The counsel for the relator insists that the provision of the Constitution (§ 26, supra) must be construed to mean only such offenses as are created by statute after the adoption of the amendment. There is, we think, no ground for thus restricting its interpretation, and it is broad and comprehensive enough to include all misdemeanors existing by statute at the time of its adoption, as well as such as might afterward be created by law. It clearly comprehends all misdemeanors for which provision is made by law, including petit larceny, and the act of 1879 confers exclusive jurisdiction to try that class of offenses. The views we have expressed are supported by the decision of the Supreme Court in The People v. Rawson (61 Barb. 619). In that case the question now considered was presented under an act of the legislature giving courts of Special Sessions in the county of Monroe exclusive power to hear, try and determine cases of petit larceny; and it was held that petit larceny was within the meaning of section 26 of article 6 of the Constitution, and the act of the legislature was valid. The subject is discussed in an able opinion by JOHNSON, J., and but little if any thing can be added to the views expressed, which contain a sound exposition of the law.
In Devine v. The People (20 Hun, 98), the same question is considered and the same result reached by a majority of the court, although in that case the conviction was reversed upon another ground. In a dissenting opinion of one of the judges, it is held that where the Constitution permits jurisdiction of misdemeanors to be given to courts of Sessions, it must be construed so as not to take away the right of the accused in such courts to be tried by a common-law jury in cases where such trial was used at the adoption of the Constitution. We think the amendment cited, and the provision as to the right to a jury trial are entirely harmonious, and when the Constitution conferred authority upon courts of Special Sessions to try misdemeanors, it meant the courts in question, as they were and might be constituted by the legislature, whether they authorized a jury of six or otherwise. The provision of the Constitution as to a jury trial can have full scope and force by applying it to cases where trials are had in a court of record, while the amendment can apply to cases of a lower grade where the offense is not a felony. Both provisions are thus made entirely harmonious, and if it was intended that the courts of Special Sessions to which jurisdiction was given should be such as had authority to summon and impanel a common-law jury, it is but reasonable to suppose that such a provision would have been inserted in the amendment. The evident purpose of the act was to relieve the higher courts from the burden of trying trivial offenses, and to leave this class of cases to local magistrates in the vicinity where the offense was committed. Prior to its adoption the accused party had a right to be tried before the officer holding the Special Sessions, and to a jury, if he desired, or to give bail for his appearance, according to the provisions of 2 R.S. 702, § 27, at the next sitting of a competent court in the county where the case might be presented to a grand jury, and an indictment found if authorized by the testimony upon which the accused might be tried before a jury in accordance with the Constitution. This is done away with by the amendment and the act of 1879, and the Special Sessions alone can now proceed and try the offender as already indicated. Besides what has been remarked as to the effect of the amendment, it should not be overlooked that it was held in the case of The People ex rel. Murray v. Justices ( 74 N.Y. 406), that the constitutional provision giving a party a right of trial by jury does not apply to the petty offenses triable before a court of Special Sessions. It is thus settled by authority that the right to a common-law jury does not exist in any such case. The power to let to bail in such a case would be inconsistent with the purpose of the amendment and the act cited, and cannot be upheld.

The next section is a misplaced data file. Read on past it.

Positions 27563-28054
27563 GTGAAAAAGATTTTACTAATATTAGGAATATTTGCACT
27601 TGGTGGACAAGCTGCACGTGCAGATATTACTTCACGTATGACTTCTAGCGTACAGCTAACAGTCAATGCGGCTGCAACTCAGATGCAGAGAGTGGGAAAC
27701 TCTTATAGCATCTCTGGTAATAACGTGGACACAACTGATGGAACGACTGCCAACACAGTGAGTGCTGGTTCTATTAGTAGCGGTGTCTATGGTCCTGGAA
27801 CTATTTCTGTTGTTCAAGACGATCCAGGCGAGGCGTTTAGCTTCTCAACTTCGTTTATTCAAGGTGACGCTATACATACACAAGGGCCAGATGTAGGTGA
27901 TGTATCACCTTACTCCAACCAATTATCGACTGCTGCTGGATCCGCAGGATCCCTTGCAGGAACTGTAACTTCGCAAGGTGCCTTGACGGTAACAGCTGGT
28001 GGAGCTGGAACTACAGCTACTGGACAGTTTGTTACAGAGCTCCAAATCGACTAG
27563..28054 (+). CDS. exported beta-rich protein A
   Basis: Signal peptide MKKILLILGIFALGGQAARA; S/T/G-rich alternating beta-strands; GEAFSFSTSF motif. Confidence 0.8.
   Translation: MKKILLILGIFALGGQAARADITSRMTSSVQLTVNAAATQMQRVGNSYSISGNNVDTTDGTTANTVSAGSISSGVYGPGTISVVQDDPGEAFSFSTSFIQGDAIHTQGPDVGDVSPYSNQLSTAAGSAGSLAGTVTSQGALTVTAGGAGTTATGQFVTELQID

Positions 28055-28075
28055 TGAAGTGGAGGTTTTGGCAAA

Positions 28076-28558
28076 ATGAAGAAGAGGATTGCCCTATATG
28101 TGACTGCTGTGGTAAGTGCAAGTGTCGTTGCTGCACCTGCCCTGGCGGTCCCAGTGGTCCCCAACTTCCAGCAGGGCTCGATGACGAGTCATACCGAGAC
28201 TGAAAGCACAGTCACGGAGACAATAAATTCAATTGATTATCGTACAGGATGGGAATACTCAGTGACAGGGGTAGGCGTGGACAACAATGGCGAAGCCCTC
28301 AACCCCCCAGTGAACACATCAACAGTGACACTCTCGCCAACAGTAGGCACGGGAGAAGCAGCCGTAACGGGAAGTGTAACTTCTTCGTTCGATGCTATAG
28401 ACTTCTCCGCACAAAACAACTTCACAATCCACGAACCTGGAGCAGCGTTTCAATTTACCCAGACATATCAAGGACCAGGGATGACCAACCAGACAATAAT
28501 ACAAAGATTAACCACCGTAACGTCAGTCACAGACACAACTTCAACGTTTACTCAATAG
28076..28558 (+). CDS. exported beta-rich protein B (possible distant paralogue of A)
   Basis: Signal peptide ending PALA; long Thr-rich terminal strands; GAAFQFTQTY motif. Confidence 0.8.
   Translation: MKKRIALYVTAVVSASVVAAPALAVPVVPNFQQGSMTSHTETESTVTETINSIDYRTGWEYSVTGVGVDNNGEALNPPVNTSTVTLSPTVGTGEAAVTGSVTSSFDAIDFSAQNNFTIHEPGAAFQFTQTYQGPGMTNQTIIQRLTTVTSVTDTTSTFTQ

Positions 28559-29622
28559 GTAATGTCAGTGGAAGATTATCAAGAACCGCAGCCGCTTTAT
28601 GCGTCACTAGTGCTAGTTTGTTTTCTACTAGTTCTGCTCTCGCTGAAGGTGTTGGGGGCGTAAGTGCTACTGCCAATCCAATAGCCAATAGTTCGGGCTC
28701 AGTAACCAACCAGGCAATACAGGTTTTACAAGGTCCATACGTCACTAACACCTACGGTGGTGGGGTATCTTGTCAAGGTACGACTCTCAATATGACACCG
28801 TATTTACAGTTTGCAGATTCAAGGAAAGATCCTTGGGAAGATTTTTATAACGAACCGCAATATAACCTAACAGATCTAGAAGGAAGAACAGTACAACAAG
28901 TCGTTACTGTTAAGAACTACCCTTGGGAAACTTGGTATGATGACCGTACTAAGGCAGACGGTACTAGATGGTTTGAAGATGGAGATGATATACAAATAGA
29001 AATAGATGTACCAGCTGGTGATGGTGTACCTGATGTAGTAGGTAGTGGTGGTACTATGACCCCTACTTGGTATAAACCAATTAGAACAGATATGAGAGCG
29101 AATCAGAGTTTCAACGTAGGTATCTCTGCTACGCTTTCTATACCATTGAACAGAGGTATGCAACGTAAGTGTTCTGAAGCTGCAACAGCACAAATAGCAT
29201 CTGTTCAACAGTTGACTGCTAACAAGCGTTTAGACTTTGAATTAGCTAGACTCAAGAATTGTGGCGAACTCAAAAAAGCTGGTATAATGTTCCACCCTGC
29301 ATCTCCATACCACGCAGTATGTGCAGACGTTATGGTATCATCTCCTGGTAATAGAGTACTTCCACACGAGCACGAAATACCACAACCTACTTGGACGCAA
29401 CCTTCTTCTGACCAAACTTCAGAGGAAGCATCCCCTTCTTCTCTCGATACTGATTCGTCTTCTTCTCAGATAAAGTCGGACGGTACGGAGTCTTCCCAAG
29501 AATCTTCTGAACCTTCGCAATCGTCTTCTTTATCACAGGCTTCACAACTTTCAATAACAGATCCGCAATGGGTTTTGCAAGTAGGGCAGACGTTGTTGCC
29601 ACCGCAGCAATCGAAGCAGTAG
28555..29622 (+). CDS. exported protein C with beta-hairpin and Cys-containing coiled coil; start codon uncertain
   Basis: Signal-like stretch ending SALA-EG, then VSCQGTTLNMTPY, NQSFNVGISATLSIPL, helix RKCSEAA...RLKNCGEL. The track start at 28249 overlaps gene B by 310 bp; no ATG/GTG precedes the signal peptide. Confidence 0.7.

The order of the General Term must be reversed, and the proceedings remitted to the recorder with directions to proceed and try the prisoner.
Order reversed, and ordered accordingly.